Ty Cobb: Inconvenient Truths
Cobb as Monster: “Give people something they want to believe and they will take it and run with it and make it their own. After all, who doesn’t like a monster story—especially one that allows the teller to express his own superiority—to say, ‘I’m not a slave to feelings of racism and anger like this pathetic man was; I look down upon that kind of behavior.’ A scary story that is also a feel-good story is hard to beat.”
Charles Leerhsen has done a rare thing: bucked popular cant and human nature to deliver a breathtaking reappraisal of the greatest baseball player of all time. Click here to watch his brilliant lecture at Hillsdale College. I also strongly recommend his book, A Terrible Beauty—which teaches us a lot, and not just about baseball. (Click here for Cobb’s numbers.)
“The Anti-Jackie Robinson”
Leerhsen set out with the typical view of Ty Cobb, only to encounter scores of inconvenient truths missed or ignored by earlier biographers, whose work inspired the sick portrait in Ken Burns’s documentary, Baseball. Cobb was no saint—Leerhsen documents his flaming temper and readiness for brawls—but most of the other allegations are either vastly exaggerated or demonstrably false.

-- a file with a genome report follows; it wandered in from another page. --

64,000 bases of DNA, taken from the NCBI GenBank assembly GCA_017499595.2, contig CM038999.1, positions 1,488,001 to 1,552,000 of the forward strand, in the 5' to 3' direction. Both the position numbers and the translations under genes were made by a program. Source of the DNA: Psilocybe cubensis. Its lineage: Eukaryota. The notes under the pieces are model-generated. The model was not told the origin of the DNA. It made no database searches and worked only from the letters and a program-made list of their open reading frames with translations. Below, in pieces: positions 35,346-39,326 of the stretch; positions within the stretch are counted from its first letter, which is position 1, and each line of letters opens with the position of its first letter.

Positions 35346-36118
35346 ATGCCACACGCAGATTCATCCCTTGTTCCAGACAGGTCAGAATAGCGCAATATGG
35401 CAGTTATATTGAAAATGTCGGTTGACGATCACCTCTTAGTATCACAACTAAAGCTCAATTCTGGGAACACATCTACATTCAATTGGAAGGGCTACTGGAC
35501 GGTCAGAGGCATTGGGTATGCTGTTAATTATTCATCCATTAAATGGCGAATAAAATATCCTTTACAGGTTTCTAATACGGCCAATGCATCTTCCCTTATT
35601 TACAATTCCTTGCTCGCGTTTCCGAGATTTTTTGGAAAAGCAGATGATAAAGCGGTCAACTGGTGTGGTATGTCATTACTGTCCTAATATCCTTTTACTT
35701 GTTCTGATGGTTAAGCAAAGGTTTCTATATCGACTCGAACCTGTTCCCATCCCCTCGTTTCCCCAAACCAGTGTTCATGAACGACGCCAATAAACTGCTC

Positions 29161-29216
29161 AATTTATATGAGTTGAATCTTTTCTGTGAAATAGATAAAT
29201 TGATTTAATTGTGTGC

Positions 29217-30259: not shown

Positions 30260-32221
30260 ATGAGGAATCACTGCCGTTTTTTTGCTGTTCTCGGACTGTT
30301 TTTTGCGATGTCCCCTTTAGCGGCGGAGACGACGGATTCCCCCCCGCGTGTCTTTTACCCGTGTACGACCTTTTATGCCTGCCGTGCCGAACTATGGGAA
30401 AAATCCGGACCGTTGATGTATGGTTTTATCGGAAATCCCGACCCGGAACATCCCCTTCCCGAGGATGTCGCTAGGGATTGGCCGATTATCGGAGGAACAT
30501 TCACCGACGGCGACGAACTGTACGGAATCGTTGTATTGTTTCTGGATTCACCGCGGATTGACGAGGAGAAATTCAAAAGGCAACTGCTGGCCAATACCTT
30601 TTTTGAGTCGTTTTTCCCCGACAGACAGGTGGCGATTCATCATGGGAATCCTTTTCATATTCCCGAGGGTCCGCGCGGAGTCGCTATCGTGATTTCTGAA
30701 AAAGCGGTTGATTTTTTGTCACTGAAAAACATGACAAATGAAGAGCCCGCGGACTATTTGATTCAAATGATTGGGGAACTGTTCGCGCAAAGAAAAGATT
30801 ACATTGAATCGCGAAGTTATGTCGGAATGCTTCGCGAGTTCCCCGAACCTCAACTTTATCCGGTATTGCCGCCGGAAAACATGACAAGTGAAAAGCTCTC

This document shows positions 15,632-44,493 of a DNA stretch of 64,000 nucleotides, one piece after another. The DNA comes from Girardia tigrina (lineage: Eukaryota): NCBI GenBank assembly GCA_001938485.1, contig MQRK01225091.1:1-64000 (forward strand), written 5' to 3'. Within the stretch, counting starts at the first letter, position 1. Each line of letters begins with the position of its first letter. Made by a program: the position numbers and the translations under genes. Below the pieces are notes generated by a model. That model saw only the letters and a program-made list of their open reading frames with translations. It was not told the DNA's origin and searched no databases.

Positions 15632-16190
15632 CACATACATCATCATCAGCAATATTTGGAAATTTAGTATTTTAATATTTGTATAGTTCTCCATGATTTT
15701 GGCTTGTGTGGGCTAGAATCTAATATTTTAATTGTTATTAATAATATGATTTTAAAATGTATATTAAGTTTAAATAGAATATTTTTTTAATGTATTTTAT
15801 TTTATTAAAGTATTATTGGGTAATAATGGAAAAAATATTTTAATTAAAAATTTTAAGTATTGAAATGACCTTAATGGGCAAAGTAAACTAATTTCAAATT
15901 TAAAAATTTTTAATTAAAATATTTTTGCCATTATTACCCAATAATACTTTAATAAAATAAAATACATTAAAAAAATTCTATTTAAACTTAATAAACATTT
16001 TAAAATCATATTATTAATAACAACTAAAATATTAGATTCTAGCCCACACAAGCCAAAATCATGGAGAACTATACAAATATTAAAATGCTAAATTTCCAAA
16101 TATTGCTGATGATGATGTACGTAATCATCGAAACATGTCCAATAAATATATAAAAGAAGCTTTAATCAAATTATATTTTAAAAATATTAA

Cobb was 180 degrees from the popular image of a racist, murdering, spike-flying, child-hating misanthrope, who steamed stamps off the envelopes kids sent him for his autograph. Re the latter: Leerhsen found that Cobb replied to all who wrote, often sending multiple autographed photos, writing five-page letters to some, and telling them all how honored he was that they had written to him.
Born in Georgia in 1886, Cobb was descended from abolitionists. His great-grandfather preached against slavery. His grandfather was a conscientious objector who refused to fight in the Confederate Army because of slavery. His father was an educator and state senator who once broke up a lynch mob. Leerhsen obliterates the prevailing picture of Cobb as the “anti-Jackie Robinson”:
Cobb was not asked about race until In 1952 when the Texas League was integrated. He said: “The negro should be accepted wholeheartedly and not grudgingly. The negro has the right to play professional baseball and who’s to say he has not?”
At that time other players were keeping mum, or saying they didn’t think mixed-race baseball was a good idea….[But Cobb] attended Negro League games, sometimes tossing out first balls, sometimes sitting in the dugout with the players. He said Willie Mays was the only player he’d pay to see, and that Roy Campanella was the player who reminded him most of himself.
And it’s not just about Cobb
A scary story that is also a feel-good story is hard to beat. But I knew that going in….I understand that humans like gossip and to wag their fingers and take delight in the supposition that the rich and famous are possibly more miserable than they are.
Read this book and reflect.